Yesterday I criticized Charlie Cook for telling Chuck Todd that Democrats need to reach out to “real America.” Today I want to give him credit for the fact that the article that prompted that discussion uses the word “heartland” to refer to the geographic location of the Americans he was referring to.
Beyond the linguistics, however, it might be instructive to take a look at what Cook is actually saying. I don’t necessarily disagree with this:
Simply put, Democrats need to expand their sensitivity-training courses to include people who live in small-town and rural America—middle-class white voters, people who live paycheck to paycheck, and whites who attend church at least once a week. Franklin Roosevelt’s New Deal coalition of voters is now officially dead. Democrats were losing these voters before Donald Trump came along and will continue to do so beyond his presidency unless they show genuine concern for these constituencies. To be sure, the country is changing and becoming more diverse, but it is not doing so at the same pace everywhere. Democrats are running up the score in places that do not help them win majorities in the House, Senate, and Electoral College.
But as he did with Chuck Todd, Cook focuses on the religious divide – while most others have zeroed in on the need for more of an emphasis on economic populism.
If any Republican candidate in modern history should have done badly with white churchgoers, it was Donald Trump. And yet, exit polls show that Trump carried the 26 percent of the white electorate who consider themselves evangelical or born-again voters by a 65-point margin, 81 to 16 percent. Among the 33 percent of voters of all races who attend church at least once a week, Trump won by 16 points, 56 to 40 percent, and among those who go at least monthly, Trump won by 12 points, 54 to 42 percent. Democrats can take solace in winning people who say they never go to church by 31 points, 62 to 31 percent, but they will be distressed to learn that this group makes up just 22 percent of the electorate.
Cook is very well-versed in the numbers and it’s true, Trump overwhelmingly won among white evangelical born-again Christians. But based on my own research and experience, that was due to two things:
- The way that evangelical churches have been infused with a message of Islamophobia, and
- An emphasis on overturning Roe v Wade via a Supreme Court nomination
A few of the white evangelical Christians I know refused to vote for Trump. But those who supported him prioritized a war with Islam and women’s access to abortion as the real issues that matter. They were willing to overlook every other way Trump was unfit for office because of his tough talk about Muslims and/or his promise to nominate conservatives to any opening on the Supreme Court. It is also important to note that they were led in these efforts by the sons of two of the most important figures in modern day evangelicalism…Franklin Graham and Jerry Falwell, Jr.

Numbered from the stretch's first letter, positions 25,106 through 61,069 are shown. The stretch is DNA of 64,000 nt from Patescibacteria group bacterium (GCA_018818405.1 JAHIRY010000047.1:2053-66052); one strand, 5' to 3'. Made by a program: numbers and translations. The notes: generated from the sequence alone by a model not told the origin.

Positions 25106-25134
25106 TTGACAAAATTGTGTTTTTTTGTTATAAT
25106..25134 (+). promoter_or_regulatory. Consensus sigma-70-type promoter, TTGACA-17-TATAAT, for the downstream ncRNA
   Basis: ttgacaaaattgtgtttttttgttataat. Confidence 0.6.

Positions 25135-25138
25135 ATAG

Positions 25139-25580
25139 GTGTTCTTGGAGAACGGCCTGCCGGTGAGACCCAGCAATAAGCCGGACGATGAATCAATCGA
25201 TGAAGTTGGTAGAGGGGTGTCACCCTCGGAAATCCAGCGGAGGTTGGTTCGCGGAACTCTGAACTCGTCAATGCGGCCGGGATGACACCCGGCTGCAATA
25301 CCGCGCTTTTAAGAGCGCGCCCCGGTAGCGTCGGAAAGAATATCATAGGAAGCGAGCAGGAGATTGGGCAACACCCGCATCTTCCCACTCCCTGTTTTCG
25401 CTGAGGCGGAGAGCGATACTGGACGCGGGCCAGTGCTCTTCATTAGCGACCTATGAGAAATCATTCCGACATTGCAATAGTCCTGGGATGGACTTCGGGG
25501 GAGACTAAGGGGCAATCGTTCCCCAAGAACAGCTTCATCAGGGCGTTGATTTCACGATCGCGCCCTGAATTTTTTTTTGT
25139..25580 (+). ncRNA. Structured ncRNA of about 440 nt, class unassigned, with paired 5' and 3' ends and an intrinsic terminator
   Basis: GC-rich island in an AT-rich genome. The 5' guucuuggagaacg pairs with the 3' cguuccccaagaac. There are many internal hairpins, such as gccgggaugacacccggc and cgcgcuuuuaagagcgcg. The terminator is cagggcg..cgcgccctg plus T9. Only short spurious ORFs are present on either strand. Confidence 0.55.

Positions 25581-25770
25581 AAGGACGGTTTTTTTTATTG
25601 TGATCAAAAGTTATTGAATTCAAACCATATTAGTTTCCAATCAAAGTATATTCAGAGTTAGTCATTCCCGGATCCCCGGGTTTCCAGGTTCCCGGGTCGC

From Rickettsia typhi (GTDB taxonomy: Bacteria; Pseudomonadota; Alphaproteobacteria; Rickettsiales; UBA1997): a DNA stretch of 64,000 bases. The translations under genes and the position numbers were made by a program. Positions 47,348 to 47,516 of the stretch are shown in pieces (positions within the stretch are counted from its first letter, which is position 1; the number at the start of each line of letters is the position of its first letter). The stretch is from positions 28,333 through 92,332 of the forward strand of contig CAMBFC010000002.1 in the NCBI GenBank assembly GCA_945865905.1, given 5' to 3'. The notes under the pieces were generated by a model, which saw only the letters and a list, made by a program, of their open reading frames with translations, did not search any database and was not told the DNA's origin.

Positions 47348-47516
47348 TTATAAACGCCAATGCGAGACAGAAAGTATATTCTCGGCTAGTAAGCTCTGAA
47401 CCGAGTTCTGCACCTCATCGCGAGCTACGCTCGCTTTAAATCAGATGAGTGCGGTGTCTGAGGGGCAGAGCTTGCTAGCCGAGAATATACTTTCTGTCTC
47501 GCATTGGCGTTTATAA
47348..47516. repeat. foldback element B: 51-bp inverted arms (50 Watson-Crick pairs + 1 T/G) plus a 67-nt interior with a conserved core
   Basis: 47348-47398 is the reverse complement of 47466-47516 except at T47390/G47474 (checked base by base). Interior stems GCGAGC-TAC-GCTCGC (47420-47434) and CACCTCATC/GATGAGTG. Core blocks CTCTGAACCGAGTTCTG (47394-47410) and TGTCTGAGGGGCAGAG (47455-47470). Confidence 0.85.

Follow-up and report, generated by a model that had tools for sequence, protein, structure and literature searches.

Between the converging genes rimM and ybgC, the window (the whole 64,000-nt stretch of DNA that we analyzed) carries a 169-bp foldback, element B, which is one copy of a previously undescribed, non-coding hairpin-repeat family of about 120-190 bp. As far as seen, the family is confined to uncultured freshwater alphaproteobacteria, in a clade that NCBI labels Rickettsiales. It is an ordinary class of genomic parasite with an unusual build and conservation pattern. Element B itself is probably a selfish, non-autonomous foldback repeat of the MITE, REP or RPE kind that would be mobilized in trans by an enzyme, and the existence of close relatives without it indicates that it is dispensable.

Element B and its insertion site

Cook goes on to recommend that, in order to reach out to white Christians, Democrats should embrace the ideas of Jim Wallis.
Democrats worried about their poor showing among churchgoers would be well-advised to read God’s Politics: Why the Right Gets It Wrong and the Left Doesn’t Get It by Sojourners president Jim Wallis, whom I would describe as a liberal evangelical. Wallis argues that conservatives have no corner on religion in general or Christianity in particular, but that Democrats are increasingly becoming a secular party while Republicans are becoming the party of people of faith.
I am very familiar with Wallis as he is one of the people who challenged me to re-think the fundamentalism in which I was raised way back in the mid 1970’s. Doing so required me to reject almost every way that I had come to understand Christianity – both in terms of theology and politics. That’s a pretty tall order to assume. But people like Wallis and Rev. William Barber (leader of the Moral Mondays Movement) continue to try.
Beyond that, to suggest that Democrats are becoming “a secular party” is to miss that almost every time Hillary Clinton spoke during the campaign, she talked about how her Methodist roots had informed her call to public service – or the fact that her running mate was a devout Catholic who frequently talked about his faith as well as his service as a Jesuit missionary. Many of the people who weren’t convinced by that still deny Barack Obama’s Christian faith and continue to spread the lie that he is Muslim.
What Cook fails to realize is that, when describing Christians and/or church-goers, great divides exist that mirror the political divides we talk so much about these days. I agree with him that it is incomprehensible that so many who embrace a faith tradition decided to vote for Donald Trump. But for too many of them, making an effective appeal goes beyond simply talking about our faith, it means finding a way to breach the divide that permeates both religion and politics.
I can’t leave a discussion about religion and politics without noting that – outside of a discussion about Christians – we are watching our Muslim brothers and sisters be harassed and terrified of the incoming administration while right wing media incorrectly blames a Jewish family for the cancellation of a Christmas play. So in addition to having this kind of discussion about Democrats, don’t we need to call out the Republicans who are engaging in religious intolerance?